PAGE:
Probation without boundaries? ‘Agile working in the Community Rehabilitation Company ‘transformed landscape
The repeated references to ‘agile working’ within the Community Rehabilitation Company (CRC) landscape led me to independently investigate what the terminology means. In this article, I share the findings from my brief examination of some of the available literature on these ‘new ways of working’. I place this information within the context of the publicized approaches that four out of the eight CRC owners promote. It is noteworthy that between them, these four corporate bodies own 16 out of the 21 CRCs in England and Wales. I conclude by highlighting some of the boundaries that could restrict probation practitioners’ ability to conduct meaningful probation work built around relationships of trust, collaboration and engagement.
‘All this is about is money and making sure that heads are on beds: Perceptions of payment by results in a therapeutic community
The aim of this article is to critically reflect upon some of the practical difficulties which surround the implementation of an outcome-focused payment initiative, colloquially referred to as Payment by Results (PbR), in a drug and alcohol service situated in the North of England. Drawing upon the findings of a longitudinal study in a residential rehabilitation service, the discussion illustrates some of the tensions and dilemmas which surround the introduction of increasingly business-orientated decisions within a person-centered environment that is designed to work alongside some of society’s most troubled and troublesome individuals. To conclude, the article suggests that financially-driven processes (such as PbR) commodify the rehabilitative ideal, making service users and practitioners alike increasingly accountable to a counterintuitive fiscal endeavour.
This article draws on doctoral research undertaken in 2013 to consider the likely impact of the Transforming Rehabilitation changes upon relationships between offenders and probation staff, in the specific context of Integrated Offender Management. Conducted during the initial stages of consultation and roll-out, the research gathered speculative but informed predictions of the impact of Transforming Rehabilitation.
Transforming Rehabilitation and Approved Premises: The effect of ideologically driven change upon probation practice in an institutional setting
This article considers the impact that Transforming Rehabilitation has had upon Approved Premises (APs) since the process began following the publication of the National Probation Service Review Paper, E3 Blueprint (the three Es being Effectiveness, Efficiency and Excellence), in November 2015. This paper outlines what service delivery across the organisation will look like in the near future. At the time of writing we are in the consultation phase, which has yet to be concluded. I have drawn upon quality assurance information from a number of National Probation Service (NPS) North West Region Approved Premises documents published between 2009 and the dissolving of Probation Trusts in 2014. This has enabled some analysis of the efficacy of existing group work programmes and purposeful activities in place at each AP. The paper reflects the personal experiences of the author, including experiences from a previous change process, and how the initial transfer from Trusts to the NPS altered the practice and political landscape for an innovative and creative AP team. The paper concludes by considering the potential consequences for APs as their rehabilitative regimes will inevitably change. It considers how this could be a constructive process as each hostel is measured against quality improvement and assurance measures determined by an external body – the Royal College of Psychiatry (RCP). This is as a consequence of each hostel working towards or having achieved the RCP Enabling Environment Award (EEA) status, involving full team training in the Knowledge and Understanding Framework to better understand and respond to residents who have emerging or diagnosed personality disorders. Reaching and then retaining this EEA standard is likely to be an ongoing challenge. Refreshingly, creating an enabling environment demands high levels of engagement, coupled with the development of understanding, nurturing and caring relationships for residents and staff alike.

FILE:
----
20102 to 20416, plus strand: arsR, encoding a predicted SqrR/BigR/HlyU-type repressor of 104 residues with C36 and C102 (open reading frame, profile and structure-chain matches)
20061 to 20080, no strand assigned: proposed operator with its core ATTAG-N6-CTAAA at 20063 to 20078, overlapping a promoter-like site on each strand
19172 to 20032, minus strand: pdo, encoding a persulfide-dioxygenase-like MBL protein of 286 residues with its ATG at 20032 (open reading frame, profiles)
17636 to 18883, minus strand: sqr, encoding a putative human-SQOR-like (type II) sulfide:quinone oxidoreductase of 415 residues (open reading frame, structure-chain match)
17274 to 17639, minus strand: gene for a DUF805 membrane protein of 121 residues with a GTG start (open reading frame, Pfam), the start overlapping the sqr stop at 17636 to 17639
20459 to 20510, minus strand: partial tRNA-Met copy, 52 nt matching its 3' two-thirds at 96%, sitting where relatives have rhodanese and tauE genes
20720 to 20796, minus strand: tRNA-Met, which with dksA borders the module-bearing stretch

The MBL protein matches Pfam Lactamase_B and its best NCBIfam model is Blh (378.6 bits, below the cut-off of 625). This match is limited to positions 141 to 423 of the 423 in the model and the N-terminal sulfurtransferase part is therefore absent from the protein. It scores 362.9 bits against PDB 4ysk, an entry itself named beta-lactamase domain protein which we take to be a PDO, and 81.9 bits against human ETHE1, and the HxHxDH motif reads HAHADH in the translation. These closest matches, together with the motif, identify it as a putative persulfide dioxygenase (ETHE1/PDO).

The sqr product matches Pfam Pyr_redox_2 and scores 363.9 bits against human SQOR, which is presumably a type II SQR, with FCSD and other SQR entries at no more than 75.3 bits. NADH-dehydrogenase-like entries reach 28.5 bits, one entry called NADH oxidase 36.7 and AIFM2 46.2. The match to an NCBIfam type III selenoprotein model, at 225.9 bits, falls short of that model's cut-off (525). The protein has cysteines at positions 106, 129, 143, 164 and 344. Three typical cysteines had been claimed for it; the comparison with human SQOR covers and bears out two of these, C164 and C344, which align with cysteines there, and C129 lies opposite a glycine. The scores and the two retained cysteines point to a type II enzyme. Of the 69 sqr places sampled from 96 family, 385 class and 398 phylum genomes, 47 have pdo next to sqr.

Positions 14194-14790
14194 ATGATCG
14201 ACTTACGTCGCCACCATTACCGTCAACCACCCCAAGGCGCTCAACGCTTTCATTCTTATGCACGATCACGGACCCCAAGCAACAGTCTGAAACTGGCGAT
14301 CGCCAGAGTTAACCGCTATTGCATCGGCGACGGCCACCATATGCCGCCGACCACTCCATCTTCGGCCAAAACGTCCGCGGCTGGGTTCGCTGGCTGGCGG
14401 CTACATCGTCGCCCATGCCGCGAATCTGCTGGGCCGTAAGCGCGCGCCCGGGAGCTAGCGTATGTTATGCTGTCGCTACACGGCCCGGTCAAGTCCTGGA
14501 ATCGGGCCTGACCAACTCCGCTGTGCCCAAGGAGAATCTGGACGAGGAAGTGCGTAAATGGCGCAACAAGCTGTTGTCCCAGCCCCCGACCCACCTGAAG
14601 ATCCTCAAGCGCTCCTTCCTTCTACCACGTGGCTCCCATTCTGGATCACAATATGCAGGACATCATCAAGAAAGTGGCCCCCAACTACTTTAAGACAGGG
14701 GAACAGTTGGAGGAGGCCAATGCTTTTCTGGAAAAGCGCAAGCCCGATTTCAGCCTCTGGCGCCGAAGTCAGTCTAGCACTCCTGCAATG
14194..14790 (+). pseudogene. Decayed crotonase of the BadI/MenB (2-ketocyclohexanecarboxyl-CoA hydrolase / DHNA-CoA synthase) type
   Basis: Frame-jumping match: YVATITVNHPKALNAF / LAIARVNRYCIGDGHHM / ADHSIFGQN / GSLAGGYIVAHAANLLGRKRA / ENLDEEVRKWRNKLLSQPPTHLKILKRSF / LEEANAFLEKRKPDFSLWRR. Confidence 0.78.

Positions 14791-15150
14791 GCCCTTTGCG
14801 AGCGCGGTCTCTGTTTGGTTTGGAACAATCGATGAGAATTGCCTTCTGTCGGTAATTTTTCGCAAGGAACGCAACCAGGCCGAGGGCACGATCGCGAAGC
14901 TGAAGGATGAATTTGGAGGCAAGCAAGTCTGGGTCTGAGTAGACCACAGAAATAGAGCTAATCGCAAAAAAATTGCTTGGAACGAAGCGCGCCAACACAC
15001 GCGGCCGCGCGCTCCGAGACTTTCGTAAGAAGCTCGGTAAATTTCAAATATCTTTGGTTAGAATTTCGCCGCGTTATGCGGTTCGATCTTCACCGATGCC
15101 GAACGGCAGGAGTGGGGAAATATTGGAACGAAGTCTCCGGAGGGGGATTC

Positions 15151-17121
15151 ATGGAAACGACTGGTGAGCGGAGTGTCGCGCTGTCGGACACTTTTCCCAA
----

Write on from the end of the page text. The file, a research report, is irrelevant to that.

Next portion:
Good cop, bad cop, both? Examining the implications of risk based allocation on the desistance narratives of intensive probationers
The following paper shall discuss the implementation of the Coalition Governments Transforming Rehabilitation (TR) reforms in 2014 by focusing on the impact of these reforms on the desistance narratives of high risk intensive probationers, paying particular attention to the division of probation work between the National Probation Service (NPS) and the Community Rehabilitation Companies (CRC). It is argued that the reallocation of offenders between the NPS and CRC altered high risk probationers’ perceptions of self, caused probationers to question the occupational competence of CRC offender managers and saw probationers evidence the emergence of an attitudinal dissonance between the two services.